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Literature & Fiction

Rating: 3.5 / 5.0 (11 votes)

Released: 1996-09-05

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How Brains Think: Evolving Intelligence, Then And Now (Science Masters) by William H. Calvin

Description

If you’re good at finding the one right answer to life’s multiple-choice questions, you’re ”smart.” But ”intelligence” is what you need when contemplating the leftovers in the refrigerator, trying to figure out what might go with them; or if you’re trying to speak a sentence that you’ve never spoken before. As Jean Piaget said, intelligence is what you use when you don’t know what to do, when all the standard answers are inadequate. This book tries to fathom how our inner life evolves from one topic to another, as we create and reject alternatives. Ever since Darwin, we’ve known that elegant things can emerge (indeed, self-organize) from ”simpler” beginnings. And, says theoretical neurophysiologist William H. Calvin, the bootstrapping of new ideas works much like the immune response or the evolution of a new animal species—except that the brain can turn the Darwinian crank a lot faster, on the time scale of thought and action. Drawing on anthropology, evolutionary biology, linguistics, and the neurosciences, Calvin also considers how a more intelligent brain developed using slow biological improvements over the last few million years. Long ago, evolving jack-of-all trades versatility was encouraged by abrupt climate changes. Now, evolving intelligence uses a nonbiological track: augmenting human intelligence and building intelligent machines.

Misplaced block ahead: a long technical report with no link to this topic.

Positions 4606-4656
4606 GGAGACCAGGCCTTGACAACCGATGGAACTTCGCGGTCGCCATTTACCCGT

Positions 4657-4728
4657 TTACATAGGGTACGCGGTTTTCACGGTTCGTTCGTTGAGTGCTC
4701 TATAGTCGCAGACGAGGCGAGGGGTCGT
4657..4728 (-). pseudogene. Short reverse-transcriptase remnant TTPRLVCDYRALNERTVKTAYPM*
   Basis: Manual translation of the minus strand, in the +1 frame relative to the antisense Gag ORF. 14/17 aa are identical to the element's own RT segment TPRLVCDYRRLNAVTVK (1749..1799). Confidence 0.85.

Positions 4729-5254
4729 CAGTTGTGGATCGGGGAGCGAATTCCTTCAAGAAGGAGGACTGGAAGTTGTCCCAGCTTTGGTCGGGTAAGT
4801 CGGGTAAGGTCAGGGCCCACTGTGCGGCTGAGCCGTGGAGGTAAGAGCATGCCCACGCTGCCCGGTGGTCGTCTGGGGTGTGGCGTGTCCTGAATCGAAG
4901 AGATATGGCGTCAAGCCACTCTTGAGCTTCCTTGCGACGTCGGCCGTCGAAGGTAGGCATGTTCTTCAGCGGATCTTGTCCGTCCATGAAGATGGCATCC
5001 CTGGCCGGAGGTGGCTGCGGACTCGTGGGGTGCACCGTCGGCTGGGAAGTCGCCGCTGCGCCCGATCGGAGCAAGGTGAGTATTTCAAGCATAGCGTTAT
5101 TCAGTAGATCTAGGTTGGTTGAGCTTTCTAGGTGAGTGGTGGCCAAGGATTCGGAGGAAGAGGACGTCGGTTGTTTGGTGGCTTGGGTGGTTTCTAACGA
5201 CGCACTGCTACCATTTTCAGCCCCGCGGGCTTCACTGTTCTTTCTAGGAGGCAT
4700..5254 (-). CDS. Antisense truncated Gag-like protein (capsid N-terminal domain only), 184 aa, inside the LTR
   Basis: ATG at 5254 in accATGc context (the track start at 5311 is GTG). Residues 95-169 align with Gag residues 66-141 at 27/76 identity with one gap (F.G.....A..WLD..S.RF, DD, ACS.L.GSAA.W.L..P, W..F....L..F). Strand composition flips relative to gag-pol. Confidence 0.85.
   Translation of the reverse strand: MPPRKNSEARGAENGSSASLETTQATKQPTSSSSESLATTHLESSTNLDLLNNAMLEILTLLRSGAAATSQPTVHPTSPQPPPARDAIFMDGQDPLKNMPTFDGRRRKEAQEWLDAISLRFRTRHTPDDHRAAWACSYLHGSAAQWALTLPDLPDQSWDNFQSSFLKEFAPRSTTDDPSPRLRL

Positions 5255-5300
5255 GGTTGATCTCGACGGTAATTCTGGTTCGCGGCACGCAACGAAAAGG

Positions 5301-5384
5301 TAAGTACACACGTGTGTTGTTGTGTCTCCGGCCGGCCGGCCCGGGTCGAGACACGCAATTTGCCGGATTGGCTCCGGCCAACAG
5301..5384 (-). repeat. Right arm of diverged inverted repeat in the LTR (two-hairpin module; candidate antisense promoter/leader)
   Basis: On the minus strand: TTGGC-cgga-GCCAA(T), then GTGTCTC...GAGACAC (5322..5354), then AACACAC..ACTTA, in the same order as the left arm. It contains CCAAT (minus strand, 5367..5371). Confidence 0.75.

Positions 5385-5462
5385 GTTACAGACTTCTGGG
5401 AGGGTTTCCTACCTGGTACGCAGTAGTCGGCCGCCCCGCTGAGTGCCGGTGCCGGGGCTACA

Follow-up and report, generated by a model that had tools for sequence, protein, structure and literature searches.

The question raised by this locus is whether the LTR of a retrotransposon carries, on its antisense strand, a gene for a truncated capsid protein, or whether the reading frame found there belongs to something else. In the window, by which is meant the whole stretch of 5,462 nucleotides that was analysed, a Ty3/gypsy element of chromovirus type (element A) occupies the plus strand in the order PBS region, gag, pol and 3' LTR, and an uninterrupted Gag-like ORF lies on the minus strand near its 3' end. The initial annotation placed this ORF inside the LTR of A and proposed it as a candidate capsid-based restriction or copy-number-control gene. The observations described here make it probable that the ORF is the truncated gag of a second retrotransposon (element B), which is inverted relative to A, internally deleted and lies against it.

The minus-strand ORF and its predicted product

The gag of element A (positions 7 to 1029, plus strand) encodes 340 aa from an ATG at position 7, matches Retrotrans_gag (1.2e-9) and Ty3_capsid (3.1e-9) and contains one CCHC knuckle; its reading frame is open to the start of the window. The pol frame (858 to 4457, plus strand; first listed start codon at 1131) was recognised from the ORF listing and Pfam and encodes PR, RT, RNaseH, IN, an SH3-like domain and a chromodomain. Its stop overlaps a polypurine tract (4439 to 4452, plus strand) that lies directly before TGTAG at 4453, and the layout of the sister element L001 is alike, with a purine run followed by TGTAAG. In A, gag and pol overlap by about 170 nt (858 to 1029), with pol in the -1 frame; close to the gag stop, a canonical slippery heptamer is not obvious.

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Editorial Review

William Calvin, a neurophysiologist and author of The River That Flows Uphill: A Journey from the Big Bang to the Big Brain, attempts to reclaim the study of human consciousness from physicists like Roger Penrose. Physicists, Calvin suggests, reduce the mind to subatomic particles and mathematical equations, whereas those in his specialty see the seat of consciousness and intelligence in higher levels of brain physiology–the neurons, synapses, and cortex. Calvin is a Darwinist who regards the unique level of human consciousness as the product of evolutionary forces that began with the ice ages two million years ago. The human response to this natural threat, he argues, was to develop mental faculties that allowed high-level communication and, thus, cooperation, leading to complex language capabilities and the distinguishing human characteristic of abstract thought.

Book Details

Author: William H. Calvin Publisher: Basic Books Binding: Hardcover Language: English Pages: 192


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